Confusion Rocks Zim Banking Sector
…BancABC distances self from leaked position paper accusing govt of hurting the bank’s incomes
….Meaasures are temporary, says central bank governor John Mangudya
The Zimbabwean financial services has been plunged into further confusion as BancABC distances itself from a paper circulating in the public domain where it reprimanded government for hurting bank incomes.
This comes as the Bankers Association of Zimbabwe (BAZ) remains tight-lipped about government’s unprecedented moves on the banking sector. BAZ is yet to speak on measures widely viewed as hurtful to the banking sector and livelihoods.
Hours before BancABC distanced itself from the paper shared on social media, which sources attributed to the bank’s internal executives,the bank said suspension of bank lending could wipe out between 20-50% of banks’ incomes.
BancABC had warned that banks could be pushed into engaging in ‘non permissible’ activities to recover lost income.
“This could push banks to embark on risk and/or non-permissible activities to compensate for the loss of incomes…No economy can survive without access to working capital,” the paper reads.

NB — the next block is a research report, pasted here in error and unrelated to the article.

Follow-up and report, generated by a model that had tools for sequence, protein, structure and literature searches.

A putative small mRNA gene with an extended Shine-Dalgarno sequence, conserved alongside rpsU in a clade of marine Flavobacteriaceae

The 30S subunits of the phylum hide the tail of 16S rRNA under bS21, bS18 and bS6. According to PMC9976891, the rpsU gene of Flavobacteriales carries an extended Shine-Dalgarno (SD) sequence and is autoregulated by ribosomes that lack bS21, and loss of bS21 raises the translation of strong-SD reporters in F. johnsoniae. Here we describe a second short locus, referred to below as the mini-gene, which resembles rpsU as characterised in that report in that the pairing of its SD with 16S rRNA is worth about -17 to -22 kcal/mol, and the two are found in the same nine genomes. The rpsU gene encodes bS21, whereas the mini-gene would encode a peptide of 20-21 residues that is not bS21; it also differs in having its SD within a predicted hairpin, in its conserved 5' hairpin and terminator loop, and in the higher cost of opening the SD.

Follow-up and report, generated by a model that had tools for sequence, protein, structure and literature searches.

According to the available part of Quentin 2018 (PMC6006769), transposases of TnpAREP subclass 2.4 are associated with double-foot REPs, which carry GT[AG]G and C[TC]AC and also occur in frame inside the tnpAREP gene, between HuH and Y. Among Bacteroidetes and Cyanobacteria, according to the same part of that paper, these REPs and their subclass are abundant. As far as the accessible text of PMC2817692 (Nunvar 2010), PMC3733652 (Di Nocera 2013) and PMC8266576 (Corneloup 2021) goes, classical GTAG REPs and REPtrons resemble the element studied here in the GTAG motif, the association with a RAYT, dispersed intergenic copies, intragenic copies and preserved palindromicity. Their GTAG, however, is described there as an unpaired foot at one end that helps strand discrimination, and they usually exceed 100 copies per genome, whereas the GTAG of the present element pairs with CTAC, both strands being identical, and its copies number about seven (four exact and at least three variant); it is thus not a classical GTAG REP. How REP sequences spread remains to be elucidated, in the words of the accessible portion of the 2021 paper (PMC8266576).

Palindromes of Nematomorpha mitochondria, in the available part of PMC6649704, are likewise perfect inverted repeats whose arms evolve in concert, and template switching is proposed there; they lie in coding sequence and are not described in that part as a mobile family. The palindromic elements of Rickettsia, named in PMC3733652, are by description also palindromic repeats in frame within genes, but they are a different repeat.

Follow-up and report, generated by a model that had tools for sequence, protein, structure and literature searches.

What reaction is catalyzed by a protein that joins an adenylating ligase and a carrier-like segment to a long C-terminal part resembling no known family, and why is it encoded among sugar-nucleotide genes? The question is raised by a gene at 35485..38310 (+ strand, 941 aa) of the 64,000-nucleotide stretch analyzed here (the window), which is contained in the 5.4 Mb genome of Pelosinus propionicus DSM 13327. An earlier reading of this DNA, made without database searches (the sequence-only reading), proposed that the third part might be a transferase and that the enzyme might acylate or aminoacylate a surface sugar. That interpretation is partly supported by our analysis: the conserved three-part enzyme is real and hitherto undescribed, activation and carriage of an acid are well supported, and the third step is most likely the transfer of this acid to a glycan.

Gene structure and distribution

In a move that betrays ‘gagging’ and interference from the central bank, BancABC says the paper does not reflect, “the position of the Bank, it board and management.”
Further explained:”The bank is in fully aligned with the direction issued by monetary authorities.”
On May 7, President Emmerson Mnangagwa announced a cocktail of measures aimed at stabilizing the rapidly depreciating local currency. The measures included an indefinite suspension of lending by banks.
Mnangagwa also announced that a 2% tax would continue to apply to local currency transfers. Domestic foreign currency transfers to attract 4% Intermediate Money Transfer Tax (IMTT).
“The high IMTT effectively means that the market will avoid depositing the US$ into the banking system. This will increase informalisation of the economy as transactions will be on a cash basis and outside the formal channels,” further reads the paper.
Central Bank governor, John Mangudya said the measures were ‘temporary’.
“We know this is a painful, but necessary, measure. It was necessary because of the increase in inflation. Some entities were now using funds from banks to purchase foreign currency,” Mangudya told the ZBC.
“It’s a temporary, necessary measure to ensure that there is sanity in terms of taming inflation.”